1) The ECB issues euros to meet the transaction needs of the European community consistent with stable prices (in euro terms) as they are chartered to do now. This currency is valid tender for any debt for individuals inside European countries. Euros shall be issued in sufficiently large denominations to make it convenient for individuals to conduct all cash transactions and hold a reasonable all cash reserve. The ECB remains barred from buying government debt - when they do it is highly illegal, and a recognition of their failure at their central task of preserving the illusion of "safe" banks.

2) Each country issues a secondary currency which is the currency that that country's government conducts transactions. Taxes are exacted, salaries of government workers, and other government debts are paid in that currency. Government contracts are denominated in that currency. Government bonds and bank deposits subject to local rules are denominated in the local currency. The ECB can enforce this by the simple expedient of valuing government debt denominated in euros as worth zero (or some very low number) when evaluating the capital adequacy of banks. This is simple recognition of the multiple and creative ways governments can renege on debts. Banks taking euro deposits are subject to ECB rules, one of which is that some accounts exist whose deposits are not available for fractional reserve or investment banking. Citizens or residents of a country can choose to maintain their savings and conduct trade in either the local currency or the euro. A goal is that they choose to do a large part of it in euros.

3) The ECB (not the local country) regulates the currency exchange market, being careful to allow market driven float between the euro and the local currency under normal circumstances. It will use its printing power to deflate runs on any currency when they occur consistent with maintaining euro price stability. A run on the euro would be met by using its accumulated stock of other money, or by draining the system of euros via interest rates.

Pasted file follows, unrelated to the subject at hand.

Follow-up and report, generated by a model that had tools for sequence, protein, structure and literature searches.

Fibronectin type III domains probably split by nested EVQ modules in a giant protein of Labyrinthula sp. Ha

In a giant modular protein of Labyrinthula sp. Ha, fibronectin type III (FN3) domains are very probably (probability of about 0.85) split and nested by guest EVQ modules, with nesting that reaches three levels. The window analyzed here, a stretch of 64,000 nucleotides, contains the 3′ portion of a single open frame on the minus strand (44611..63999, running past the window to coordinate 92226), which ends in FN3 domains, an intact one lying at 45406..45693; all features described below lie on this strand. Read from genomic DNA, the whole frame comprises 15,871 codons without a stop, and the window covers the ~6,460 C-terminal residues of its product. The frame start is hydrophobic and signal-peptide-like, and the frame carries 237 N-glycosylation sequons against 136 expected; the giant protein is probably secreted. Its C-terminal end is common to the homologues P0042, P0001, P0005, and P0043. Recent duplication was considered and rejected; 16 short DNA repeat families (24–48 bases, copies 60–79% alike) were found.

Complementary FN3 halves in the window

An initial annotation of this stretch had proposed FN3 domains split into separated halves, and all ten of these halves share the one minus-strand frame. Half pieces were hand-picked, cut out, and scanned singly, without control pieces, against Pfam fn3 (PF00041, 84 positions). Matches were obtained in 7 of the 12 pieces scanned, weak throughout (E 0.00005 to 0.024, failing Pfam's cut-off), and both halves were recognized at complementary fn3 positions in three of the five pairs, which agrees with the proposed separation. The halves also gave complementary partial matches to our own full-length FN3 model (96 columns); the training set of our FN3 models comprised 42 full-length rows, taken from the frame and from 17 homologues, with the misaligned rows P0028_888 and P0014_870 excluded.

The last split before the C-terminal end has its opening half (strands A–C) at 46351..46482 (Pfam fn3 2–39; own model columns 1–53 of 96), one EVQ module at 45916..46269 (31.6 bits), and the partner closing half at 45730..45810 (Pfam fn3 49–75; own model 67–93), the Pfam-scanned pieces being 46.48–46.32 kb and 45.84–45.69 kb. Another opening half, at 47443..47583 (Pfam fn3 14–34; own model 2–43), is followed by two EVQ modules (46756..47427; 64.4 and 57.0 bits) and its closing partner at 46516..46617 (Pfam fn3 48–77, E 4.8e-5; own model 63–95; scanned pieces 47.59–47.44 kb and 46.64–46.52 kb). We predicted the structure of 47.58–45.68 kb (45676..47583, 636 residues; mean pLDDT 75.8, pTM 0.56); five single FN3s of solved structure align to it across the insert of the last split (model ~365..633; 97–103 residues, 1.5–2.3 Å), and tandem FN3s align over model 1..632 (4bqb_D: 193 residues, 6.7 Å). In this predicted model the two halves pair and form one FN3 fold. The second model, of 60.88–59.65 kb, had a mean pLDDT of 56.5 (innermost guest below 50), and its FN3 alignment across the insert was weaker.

4) As a condition of being a member of the eurozone, and receiving the ECBs currency protection, each government agrees to not conduct government transactions in anything but their local currency, to allow private citizens to conduct trade in euros, to not tax currency exchanges, to not discourage possession and transport of euro currency notes or foreign euro accounts, and to maintain their local money supply at a level consistent with ECB mandates. Each country agrees to apply local anti-counterfeiting laws equally to all the currencies of the eurozone, including the euro.

How Does It Work

The first thing to notice is that this is a dual currency system. The Romans had it, and it worked for them for a long time. Most control over economics is maintained at the local country level. Governments can borrow, but are kept from causing global havoc by borrowing, taxing and paying in local currency only. If they need to default they can do so without fuss - by devaluing their local currency. If they need to shrink - and the market tells them that - the local currency devalues. They are discouraged from doing so because if they do it too much nobody will lend to them, and government workers and politicians will effectively get less. Allowing a government to have control over its obligations is something any sovereign will accept readily. In this way it resembles the current situation with countries outside the eurozone, with the euro taking the place of SDRs. However, by allowing access to the common currency by the general population for real transactions, it gives real value to the common currency instead of remaining a mere political construct. A government that chooses to issue debt in euros in violation of the rules will get funding only from its own banks or from people.